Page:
There are other more esoteric reasons that apply to taxpayers in specific situations.
The bottom line is you need to either file by April 15 or — perhaps more realistically — get an extension and file later when you have more time.
Getting an Extension is Easy
The IRS will automatically approve any request for a four-month filing extension to August 15. Simply file Form 4868 by the April 15 deadline. You can download Form 4868 from the IRS website at www.irs.gov
. Completing it usually takes just a minute or two.
You don’t need a reason for the extension, and signatures are not required. For example, if your spouse is incapacitated or unavailable to sign, that’s no problem.
The only requirement is that you must estimate with reasonable accuracy your total 2013 federal income tax liability and any amount still owed (which could be zero) on Form 4868.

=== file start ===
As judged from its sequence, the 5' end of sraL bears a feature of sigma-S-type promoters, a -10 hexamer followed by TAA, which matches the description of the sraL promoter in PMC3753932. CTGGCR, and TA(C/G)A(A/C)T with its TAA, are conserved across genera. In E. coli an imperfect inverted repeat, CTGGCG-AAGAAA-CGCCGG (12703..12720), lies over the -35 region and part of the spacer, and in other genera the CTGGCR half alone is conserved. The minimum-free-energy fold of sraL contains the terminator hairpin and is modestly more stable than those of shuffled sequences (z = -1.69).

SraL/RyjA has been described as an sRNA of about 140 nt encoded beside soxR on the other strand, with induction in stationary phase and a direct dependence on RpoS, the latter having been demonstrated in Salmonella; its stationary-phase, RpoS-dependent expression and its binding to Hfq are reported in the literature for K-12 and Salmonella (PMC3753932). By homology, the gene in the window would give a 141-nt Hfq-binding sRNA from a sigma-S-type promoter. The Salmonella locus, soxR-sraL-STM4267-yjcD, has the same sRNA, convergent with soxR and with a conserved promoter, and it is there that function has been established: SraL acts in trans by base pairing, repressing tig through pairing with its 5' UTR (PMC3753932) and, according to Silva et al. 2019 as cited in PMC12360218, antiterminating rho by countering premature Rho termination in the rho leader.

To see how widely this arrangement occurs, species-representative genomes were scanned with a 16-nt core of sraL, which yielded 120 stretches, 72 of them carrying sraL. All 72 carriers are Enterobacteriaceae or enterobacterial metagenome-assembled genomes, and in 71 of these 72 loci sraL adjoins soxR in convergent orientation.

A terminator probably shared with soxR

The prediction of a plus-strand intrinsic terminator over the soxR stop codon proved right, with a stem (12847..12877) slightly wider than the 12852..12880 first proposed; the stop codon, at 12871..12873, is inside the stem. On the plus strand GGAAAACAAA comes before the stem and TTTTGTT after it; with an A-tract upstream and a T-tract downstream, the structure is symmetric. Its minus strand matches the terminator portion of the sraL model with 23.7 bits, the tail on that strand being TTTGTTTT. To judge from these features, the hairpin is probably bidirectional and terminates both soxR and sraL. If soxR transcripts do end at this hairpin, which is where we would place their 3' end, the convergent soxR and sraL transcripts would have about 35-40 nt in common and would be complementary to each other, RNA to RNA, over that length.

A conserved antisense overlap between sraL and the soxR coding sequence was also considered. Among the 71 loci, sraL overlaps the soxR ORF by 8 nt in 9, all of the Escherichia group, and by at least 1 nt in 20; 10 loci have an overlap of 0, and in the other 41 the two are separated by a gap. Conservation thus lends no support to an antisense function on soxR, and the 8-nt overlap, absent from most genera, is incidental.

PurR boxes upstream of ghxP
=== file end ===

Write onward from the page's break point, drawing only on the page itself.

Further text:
If You Owe, But Don’t Have the Dough
Lack of money is no excuse for failing to file or get an extension. Here’s why:
If you file by April 15 but can’t pay, you can probably arrange for an installment payment agreement, as explained below.
If you’re not ready to file, just send in the extension request Form 4868 on or before April 15.
Either way, you’ll successfully dodge the expensive and totally unnecessary 5 percent a month failure-to-file penalty — even though you don’t pay on time. However, the government will charge you interest at a much more reasonable rate (currently .75 percent a month, which equates to a 9 percent annual rate) until you pay up.
If you go the extension route, you must close the deal by filing your return by no later than August 15. If you know right now that you still won’t have gathered together what you owe even by that late date, relax. You can still arrange for installment payments when you file.
If you fail to file or extend, the IRS will be delighted. You’ll be charged the 5 percent a month failure-to-pay penalty until it hits 25 percent of what you owe.
For example, if your unpaid balance at April 15 is $10,000, you’ll rack up monthly failure-to-file penalties of $400 until you max out at $2,500 (25 percent of $10,000). After that, you’ll be charged interest until you settle your account (as mentioned, the current rate is .75 percent a month).